Bill Wilson differentiates the responsibilities of the A.A. member and the A.A. group in this tradition by saying on p. 177 of the “12 & 12” that the tenth tradition does not “mean that the members of Alcoholics Anonymous, now restored as citizens of the world, are going to back away from their individual responsibilities to act as they see the right upon issues of our time. But when it comes to A.A. as a whole, that’s quite a different matter. In this respect, we do not enter into public controversy because we know that our society will perish if it does.”
The relationship of the tenth tradition to the tenth step is this: I can be at peace and avoid outside issues by taking my inventory and not yours. I avoid controversy by taking stands with the attitude of a peacemaker. The tenth concept of service takes the process one step further and specifies what kind of inventory I should be writing about: The responsibilities for which God has given me authority.
The tenth step poses the question, “How can I survive successfully in the world by taking my own inventory and promptly admitting it when I am wrong?” The tenth tradition supplies the answer; “I survive by being a peacemaker with you because I am at peace with myself through my own inventories.”
From an idea by George T.
Our Trusted Servants Continue to Be:
The current Step 2 Men’s Group meeting schedule is Monday, Wednesday & Friday at Tim’s (3809 J St), Tuesday & Thursday online, Saturday in the park is “Daily Reflections” and Sunday is our Rogue meeting in the park. Each gathering is one hour. Great job men!
- Monday: Tim C.
- Tuesday: Mark W.
- Wednesday: John M.
- Thursday: Brad W.
- Friday: Jon B.
- Saturday: David K.
- Sunday: Mark C.
Want to add your name to the “Back-up-Help-Substitute Secretary List”? Just contact Group GS, John M., Treasurer Mark W. or any of our other Secretaries and let them know!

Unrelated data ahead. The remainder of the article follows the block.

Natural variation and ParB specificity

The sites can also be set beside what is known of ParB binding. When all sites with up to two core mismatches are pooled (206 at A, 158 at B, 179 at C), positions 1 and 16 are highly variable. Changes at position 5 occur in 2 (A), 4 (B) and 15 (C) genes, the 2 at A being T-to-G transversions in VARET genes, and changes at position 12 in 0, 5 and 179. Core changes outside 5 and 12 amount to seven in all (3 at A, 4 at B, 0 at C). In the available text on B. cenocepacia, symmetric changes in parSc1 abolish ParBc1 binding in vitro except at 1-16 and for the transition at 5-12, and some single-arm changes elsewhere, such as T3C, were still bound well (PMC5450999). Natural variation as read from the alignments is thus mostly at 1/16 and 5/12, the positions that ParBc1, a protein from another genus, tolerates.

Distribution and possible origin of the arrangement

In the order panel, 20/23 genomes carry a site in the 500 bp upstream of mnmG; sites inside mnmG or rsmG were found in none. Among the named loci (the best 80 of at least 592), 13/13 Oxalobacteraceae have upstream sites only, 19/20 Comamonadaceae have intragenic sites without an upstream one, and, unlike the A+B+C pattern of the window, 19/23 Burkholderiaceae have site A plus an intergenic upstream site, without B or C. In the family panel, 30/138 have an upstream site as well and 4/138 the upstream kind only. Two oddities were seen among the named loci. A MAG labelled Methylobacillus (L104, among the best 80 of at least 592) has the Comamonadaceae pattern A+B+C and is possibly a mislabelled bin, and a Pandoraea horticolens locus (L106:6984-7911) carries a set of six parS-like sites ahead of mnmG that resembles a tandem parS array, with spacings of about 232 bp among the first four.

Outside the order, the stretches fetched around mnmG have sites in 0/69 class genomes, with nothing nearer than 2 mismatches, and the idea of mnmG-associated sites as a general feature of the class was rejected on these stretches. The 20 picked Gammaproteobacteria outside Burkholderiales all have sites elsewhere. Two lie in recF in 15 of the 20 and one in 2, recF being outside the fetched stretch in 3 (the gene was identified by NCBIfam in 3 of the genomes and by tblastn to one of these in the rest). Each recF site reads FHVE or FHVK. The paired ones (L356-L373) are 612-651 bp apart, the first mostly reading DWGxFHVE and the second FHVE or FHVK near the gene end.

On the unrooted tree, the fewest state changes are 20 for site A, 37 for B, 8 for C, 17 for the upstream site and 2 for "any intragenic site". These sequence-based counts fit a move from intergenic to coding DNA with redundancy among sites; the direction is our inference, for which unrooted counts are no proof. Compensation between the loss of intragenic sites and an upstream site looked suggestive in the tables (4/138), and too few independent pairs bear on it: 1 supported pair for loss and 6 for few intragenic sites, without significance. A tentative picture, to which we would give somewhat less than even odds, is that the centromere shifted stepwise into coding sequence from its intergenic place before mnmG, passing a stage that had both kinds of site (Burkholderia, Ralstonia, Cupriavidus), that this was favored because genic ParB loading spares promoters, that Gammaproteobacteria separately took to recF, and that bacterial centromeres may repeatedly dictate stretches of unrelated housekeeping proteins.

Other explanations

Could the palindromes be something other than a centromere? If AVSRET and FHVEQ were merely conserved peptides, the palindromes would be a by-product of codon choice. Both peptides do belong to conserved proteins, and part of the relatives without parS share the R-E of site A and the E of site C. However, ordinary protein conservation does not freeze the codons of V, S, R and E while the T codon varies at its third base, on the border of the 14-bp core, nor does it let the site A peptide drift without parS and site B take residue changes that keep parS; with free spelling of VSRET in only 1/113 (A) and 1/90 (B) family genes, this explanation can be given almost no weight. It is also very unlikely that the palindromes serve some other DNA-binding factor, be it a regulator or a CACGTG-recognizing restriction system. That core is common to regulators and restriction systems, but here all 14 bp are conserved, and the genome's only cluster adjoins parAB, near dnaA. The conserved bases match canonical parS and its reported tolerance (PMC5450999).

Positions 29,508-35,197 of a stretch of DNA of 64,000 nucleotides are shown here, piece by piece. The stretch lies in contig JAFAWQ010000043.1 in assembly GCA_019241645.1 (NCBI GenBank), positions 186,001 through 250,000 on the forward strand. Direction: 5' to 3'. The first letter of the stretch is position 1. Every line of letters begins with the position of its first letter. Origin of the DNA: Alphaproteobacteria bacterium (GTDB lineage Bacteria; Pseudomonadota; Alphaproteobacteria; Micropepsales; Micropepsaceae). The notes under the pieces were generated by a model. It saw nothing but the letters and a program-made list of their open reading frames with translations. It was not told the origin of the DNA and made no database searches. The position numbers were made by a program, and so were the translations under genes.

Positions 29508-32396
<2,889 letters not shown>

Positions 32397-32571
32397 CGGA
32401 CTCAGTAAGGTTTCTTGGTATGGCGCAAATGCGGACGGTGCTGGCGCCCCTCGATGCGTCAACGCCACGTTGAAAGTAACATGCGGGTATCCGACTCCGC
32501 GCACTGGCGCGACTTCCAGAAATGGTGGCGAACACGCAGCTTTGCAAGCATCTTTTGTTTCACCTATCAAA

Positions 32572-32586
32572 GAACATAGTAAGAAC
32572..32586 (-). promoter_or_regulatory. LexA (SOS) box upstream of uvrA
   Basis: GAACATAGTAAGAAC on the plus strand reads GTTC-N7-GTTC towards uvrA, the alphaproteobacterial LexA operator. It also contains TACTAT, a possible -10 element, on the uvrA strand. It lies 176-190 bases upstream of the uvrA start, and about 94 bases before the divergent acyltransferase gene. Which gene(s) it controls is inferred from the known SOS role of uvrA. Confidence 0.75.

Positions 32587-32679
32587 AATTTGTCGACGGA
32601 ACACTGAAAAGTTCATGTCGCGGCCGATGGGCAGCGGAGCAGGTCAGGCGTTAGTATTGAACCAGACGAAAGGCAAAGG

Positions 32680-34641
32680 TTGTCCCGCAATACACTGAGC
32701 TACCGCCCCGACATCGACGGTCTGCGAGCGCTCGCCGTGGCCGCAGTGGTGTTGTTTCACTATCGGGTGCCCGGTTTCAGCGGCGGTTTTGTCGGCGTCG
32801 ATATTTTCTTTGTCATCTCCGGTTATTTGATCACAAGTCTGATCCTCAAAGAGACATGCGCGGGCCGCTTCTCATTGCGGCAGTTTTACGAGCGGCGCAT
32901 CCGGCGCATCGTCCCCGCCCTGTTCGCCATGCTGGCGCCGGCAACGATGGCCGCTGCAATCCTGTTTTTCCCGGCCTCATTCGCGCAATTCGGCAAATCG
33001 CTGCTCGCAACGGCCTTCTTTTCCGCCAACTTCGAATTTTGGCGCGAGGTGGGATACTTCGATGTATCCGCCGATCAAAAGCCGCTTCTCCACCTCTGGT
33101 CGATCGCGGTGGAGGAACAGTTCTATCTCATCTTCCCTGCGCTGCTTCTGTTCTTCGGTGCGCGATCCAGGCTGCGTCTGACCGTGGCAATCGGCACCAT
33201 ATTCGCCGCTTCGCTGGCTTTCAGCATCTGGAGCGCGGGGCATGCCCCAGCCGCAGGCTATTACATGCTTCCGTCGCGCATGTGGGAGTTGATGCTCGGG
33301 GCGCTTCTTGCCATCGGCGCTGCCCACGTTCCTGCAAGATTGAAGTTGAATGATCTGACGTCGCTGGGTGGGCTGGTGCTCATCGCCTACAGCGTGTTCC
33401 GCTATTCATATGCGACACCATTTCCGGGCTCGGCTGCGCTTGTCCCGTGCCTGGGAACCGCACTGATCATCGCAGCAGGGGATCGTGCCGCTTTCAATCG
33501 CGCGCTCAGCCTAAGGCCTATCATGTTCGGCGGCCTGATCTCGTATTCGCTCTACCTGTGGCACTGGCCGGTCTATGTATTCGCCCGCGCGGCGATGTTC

Step 2 Men’s Group Believes…
“Came to believe that a Power greater than ourselves could restore us to sanity.”
We’d never presume that the 12 Steps are not clear. Nor would we imply that they need ‘improvement’. However…for purposes of assisting to keep the meeting pointed in an important direction each day, the ‘Step 2 Men’s Group Statement’ is read as follows:
Step 2 Men’s Group is founded on the belief that spirituality is essential to our sobriety. Our group is non-religious, but we do not oppose anyone’s religious beliefs. We believe that respect for others and their beliefs is essential to our spiritual development. Accordingly we ask that avoid criticism of others or of their religion or lack of religion, their race, ethnicity, national origin, age, sexual orientation, physical appearance, trade or profession, length of sobriety, or personal beliefs. Our goal is to further our spirituality, our sobriety and our personal development, not to confront or belittle others. Always remember to be kind to others.
Extra Special Thanks Dept:
Thanks to our General Secretary John M. for “I Was Wrong”, Dave Mc. for “Mouse’s Corner” and our Treasurer Mark W. for Literary Drunkenness. We’re still waiting for YOU gentle reader…Why don’t YOU contribute a short “something?” Any length, most any AA related topic. Reply now and it will get included next month!